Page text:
I think a simple and direct way to think about it is this way: If a cheerleader was doing the exact same thing as some of these drag queens in front of your kids, would you find it offensive? Or inappropriate? If the answer is no, then it's probably the drag queen making you uncomfortable, which is cause for some reflection on your biases. If the answer is yes, then it's likely you just view the content in front of you as inappropriate for children regardless of performer, and it's perfectly reasonable to object to them being exposed to that content in school.

Unfortunately, it seems clear that journalists are no longer capable of guiding a rational version of this conversation. But I’ll keep screaming into the abyss for as long as I have to.

Have thoughts about "my take?" You can reply to this email and write in or leave a comment if you're a subscriber.


Your questions, answered.

Q: News is now coming out that Julian Assange might be extradited to the U.S. What do you think?

— Jermaine, Houston, Texas

Tangle: I think it's bad for press freedom and very bad for Assange.

I've written a good bit about Julian Assange before and my conclusion then was the same as it is now: "Regardless of whether you think Assange is a scumbag traitor or a once-in-a-generation hero, there is an immovable reality of what this prosecution means. As Jacob Sullum so cogently put it, even with the hacking charges removed, Assange is still facing 170 years in prison for doing the things nearly every respectable news organization in the world does. When the initial charges were brought against him, there wasn't as much reason for consternation. But being charged under the Espionage Act for simply obtaining and disseminating classified documents, especially those that expose unambiguous wrongdoing by the United States government, is chilling."

There are good questions to ask about Assange, his motivations, and whether he actually ever committed any hacking crimes. But given the U.S. government has already tried to kidnap him and has made very clear its plans for him if he comes here, there is really no reason to believe he'll get a fair trial. He doesn't have to be a hero and WikiLeaks doesn't have to be a legitimate news organization for these concerns to be real for all journalists. I think Assange has already been punished plenty for his actions, and I don't think any good is going to come from him ending up in U.S. custody. Oddly, that has put me in agreement with a broad spectrum of people, from staunch progressives to Marjorie Taylor Greene.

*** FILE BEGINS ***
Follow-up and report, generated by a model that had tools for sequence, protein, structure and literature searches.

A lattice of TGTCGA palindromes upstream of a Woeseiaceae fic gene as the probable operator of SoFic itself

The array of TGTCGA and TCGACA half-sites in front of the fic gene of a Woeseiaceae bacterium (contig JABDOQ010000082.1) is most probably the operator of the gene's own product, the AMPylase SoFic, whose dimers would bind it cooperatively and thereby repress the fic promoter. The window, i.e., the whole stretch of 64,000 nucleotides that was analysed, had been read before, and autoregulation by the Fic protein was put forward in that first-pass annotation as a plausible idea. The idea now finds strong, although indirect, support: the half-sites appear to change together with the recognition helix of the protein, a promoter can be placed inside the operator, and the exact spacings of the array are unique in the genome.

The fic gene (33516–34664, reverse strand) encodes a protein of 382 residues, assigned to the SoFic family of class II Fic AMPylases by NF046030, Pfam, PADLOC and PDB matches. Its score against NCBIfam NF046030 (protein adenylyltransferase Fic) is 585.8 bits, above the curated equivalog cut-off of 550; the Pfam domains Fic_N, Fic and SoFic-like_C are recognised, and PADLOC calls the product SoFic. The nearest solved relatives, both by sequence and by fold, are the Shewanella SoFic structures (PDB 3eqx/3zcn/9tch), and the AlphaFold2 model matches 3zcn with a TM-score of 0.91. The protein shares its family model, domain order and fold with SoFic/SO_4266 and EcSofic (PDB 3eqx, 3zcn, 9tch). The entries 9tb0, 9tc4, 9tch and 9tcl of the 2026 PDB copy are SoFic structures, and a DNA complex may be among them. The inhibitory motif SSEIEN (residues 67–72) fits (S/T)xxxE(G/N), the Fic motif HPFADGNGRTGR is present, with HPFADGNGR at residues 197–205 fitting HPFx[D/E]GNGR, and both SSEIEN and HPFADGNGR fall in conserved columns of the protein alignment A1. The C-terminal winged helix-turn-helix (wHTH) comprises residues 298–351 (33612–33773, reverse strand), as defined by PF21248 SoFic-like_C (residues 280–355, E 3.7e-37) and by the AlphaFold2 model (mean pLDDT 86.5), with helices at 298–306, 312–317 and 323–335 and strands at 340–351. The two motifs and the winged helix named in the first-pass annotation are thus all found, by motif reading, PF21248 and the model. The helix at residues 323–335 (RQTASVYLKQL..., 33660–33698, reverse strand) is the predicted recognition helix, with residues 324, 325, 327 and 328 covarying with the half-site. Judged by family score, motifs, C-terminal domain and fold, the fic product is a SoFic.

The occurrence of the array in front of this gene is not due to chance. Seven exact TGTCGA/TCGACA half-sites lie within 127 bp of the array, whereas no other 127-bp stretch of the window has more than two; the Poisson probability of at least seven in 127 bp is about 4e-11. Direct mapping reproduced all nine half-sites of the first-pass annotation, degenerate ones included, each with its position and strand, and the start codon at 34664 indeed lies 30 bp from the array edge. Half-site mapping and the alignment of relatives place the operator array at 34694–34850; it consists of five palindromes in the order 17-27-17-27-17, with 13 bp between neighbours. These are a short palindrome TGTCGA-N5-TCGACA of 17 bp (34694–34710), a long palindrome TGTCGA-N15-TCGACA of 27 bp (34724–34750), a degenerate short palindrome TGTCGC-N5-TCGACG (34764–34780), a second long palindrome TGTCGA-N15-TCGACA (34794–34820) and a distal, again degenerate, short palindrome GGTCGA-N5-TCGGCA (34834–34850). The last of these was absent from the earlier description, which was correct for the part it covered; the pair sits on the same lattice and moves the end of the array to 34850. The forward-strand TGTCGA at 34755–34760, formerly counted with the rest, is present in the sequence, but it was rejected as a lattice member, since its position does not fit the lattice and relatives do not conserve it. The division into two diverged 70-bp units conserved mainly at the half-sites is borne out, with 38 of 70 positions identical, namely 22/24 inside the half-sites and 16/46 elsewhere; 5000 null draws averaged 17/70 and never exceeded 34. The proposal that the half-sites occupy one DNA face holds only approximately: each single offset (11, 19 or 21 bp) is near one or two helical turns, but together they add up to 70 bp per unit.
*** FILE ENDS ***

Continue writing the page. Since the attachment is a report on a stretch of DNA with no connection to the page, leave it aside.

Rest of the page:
Want to ask a question? You can reply to this email and write in (it goes straight to my inbox) or fill out this form.


A story that matters.

Airports around the world are being plagued by delays, cancellations, long lines and lost baggage, according to The Wall Street Journal. Soaring demand and staffing shortfalls have set off a cascade of problems for travelers, and it may worsen in the coming months. London's Gatwick airport has gone as far as advising airlines to cut back on inbound flights. In the U.S., about 3% of scheduled flights have been scrapped so far this month, compared with a 2% rate in 2019. The total number of cancellations rose 16% from a year ago. Worse, the surging demand for flights has overwhelmed capacity in some areas. The Wall Street Journal has the story.


Numbers.

  • 104. The number of LGBTQ candidates who ran for House or Senate this year.
  • $11.9 million. The amount of money raised by the Democratic Senatorial Campaign Committee in May, the most ever in that month.
  • $8 million. The amount of money raised by the National Republican Senatorial Committee in May.
  • $407,600. The median existing home price in May, the highest on record.
  • 60%. The percentage of homes that sold in May at or above their listing price.

Have a nice day.

A pastor in Flint, Michigan, is launching an affordable laundromat in the basement of his church to help local residents. “There’s no laundromat in a four-mile radius,” North Flint's Good Church Lead Pastor Leo Robinson II told a newspaper. “Over 75 percent of our people in this area depend on public transportation, so you can only imagine taking all of your clothes, getting on the MTA to go to the laundromat to sit for three or four hours to do your laundry, and then come back on that bus route. That’s taking up most of your day.” Robinson never considered a laundromat nearby could be more important than dinner, but when he learned about "hygiene poverty" he decided to take action. With donated laundry machines, he is going to be able to launch an affordable laundromat that will be accessible to the whole community. Good Good Good has the story.